One big distracting factor of this first episode was the notable number of perverted fanservice shots. First minute or so of the episode, we get two of Nu-13, one shot of her breasts that lasts about 3 seconds, and one of her ass that lasts about 2. It was distracting from the action that was occuring. The last instance I can recall off my head was when we first meet Taokaka, Ragna steps over her, and we get a shot in between her legs looking up her skirt.

The direction Blazblue has been going with the increased fanservice has been annoying me. In the first game, none of the female characters except Litchi felt like they were there to satisfy the sexual fantasies of men (though as an improvement over characters like Mai Shiranui, Litchi is not written to act very flirtatious), and with Continuum Shift, we got the conservatively dressed Tsubaki added to the roster, even though I don’t like her character at all, she fit right in. Then came Makoto Nanaya as a fighter…. Jesus Christ, look at her:

I’m sorry, I’m really distracted and confused right now…

And then we have this character Bullet in Chronophantasma continuing this trend….

Those proportions are insane, also, what’s wrong with those pants? How short can they get?

But as for the anime, I’m going to keep hoping, but it is a bit of a letdown. I’ll keep watching.

Only God Forgives Written Review

I haven’t seen much of Nicolas Refn’s work. I still need to dedicate some time to watching Valhalla Rising, I saw Bronson, and I thought it was pretty good. What I saw was Drive, and that film was great. It had a cool retro 70s crime film feel to it with a nice 80s soundtrack. The film was cemented with a power actor trio of Albert Brooks reaching Ledger Joker or Anton Chigurh levels of intimidation, Ron Perlman being his normal cool self as a crime boss, and Bryan Cranston being the father figure to the protagonist, played by Ryan Gosling. The protagonist of the film was cool and appropriately mysterious, like Blondie. And the film, as all of Refn’s films are, looks spectacular.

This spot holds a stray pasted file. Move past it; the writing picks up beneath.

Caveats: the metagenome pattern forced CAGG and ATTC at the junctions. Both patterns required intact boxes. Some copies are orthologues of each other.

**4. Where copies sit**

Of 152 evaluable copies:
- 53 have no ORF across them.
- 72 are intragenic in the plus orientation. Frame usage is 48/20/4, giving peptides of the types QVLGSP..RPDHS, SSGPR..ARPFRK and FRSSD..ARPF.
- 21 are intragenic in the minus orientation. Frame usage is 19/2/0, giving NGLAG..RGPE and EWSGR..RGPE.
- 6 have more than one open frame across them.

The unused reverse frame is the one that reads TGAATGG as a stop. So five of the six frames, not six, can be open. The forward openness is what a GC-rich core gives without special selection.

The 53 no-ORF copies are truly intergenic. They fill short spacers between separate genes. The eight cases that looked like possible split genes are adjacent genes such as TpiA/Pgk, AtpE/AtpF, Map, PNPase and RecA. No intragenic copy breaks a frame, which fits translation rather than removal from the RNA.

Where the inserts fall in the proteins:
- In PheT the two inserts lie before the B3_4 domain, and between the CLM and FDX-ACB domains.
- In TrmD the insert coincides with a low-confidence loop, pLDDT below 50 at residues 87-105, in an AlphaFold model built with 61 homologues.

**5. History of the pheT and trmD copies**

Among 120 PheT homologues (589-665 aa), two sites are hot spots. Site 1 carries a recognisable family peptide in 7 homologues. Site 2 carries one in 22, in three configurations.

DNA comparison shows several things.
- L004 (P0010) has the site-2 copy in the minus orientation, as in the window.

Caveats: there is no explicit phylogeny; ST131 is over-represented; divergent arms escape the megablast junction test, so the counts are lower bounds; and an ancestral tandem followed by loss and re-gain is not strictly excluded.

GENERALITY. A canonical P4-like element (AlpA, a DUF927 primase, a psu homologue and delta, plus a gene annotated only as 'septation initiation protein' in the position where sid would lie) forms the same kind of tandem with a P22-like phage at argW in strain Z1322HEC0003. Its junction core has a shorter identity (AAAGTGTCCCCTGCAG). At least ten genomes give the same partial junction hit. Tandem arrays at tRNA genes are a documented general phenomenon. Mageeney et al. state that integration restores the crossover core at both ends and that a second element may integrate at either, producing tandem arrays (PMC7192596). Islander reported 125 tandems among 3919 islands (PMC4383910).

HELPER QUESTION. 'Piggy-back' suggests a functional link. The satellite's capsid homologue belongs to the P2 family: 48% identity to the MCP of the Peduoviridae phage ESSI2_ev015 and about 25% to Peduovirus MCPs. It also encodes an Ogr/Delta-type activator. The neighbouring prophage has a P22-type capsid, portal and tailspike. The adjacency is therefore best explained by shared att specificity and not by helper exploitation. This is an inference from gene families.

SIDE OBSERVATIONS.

So, I was excited to see his follow up film, Only God Forgives, which had Cliff Martinez, who did the Drive soundtrack, and Ryan Gosling returning. I was excited, the trailers to this film made it look great, especially the Red Band version.


This movie is not great. It’s a disappointment. It’s not fun to sit through, at all. Refn’s gift of making the movie look good is present, and Cliff Martinez gives a good soundtrack. Kristen Scott Thomas and Vithaya Pansringarm give good performances, especially Pansringarm. Those are the good parts of the film.

The bad parts? Everything else. This film is one of the most poorly structured and edited films I’ve seen in a while. The plot was difficult for me to follow. Nothing is explained in this film. It’s all done with long visual shots that look pretty, but don’t say anything. Drive had Ryan Gosling being stoic and expressionless, and that was acceptable because other characters expressed emotions. In this film however, Gosling is even more expressionless, and no one else besides Kristen Scott Thomas shows any emotion whatsoever.


Ryan Gosling’s entire range of emotions in this film is this.
The story is that a drug dealer named Julian is in Bangkok running a ring as a front. His brother gets killed and his mother comes back and encourages Julian to find the murderers. Also, there is a cop going around looking intimidating. Of course, that’s what the movie claims to be about, not that you’d be able to follow it.
The film doesn’t flow together at all. One scene Gosling is staring at a prostitute, and then the cop, Chang shows up, or does he? Wait no, it was a surreal vision. This film lacks what we call a narrative.
This film disappointed me a lot because the trailer shows cool bits of the film, like in the redband trailer above, there is a part where Ryan Gosling’s character grabs a guy and drags him down a hallway by the mouth. When you see that scene in the film, it has no lead up, no motivation, and he literally drags the guy for about 3 seconds before it cuts away. The scene was pointless, and only looked cool.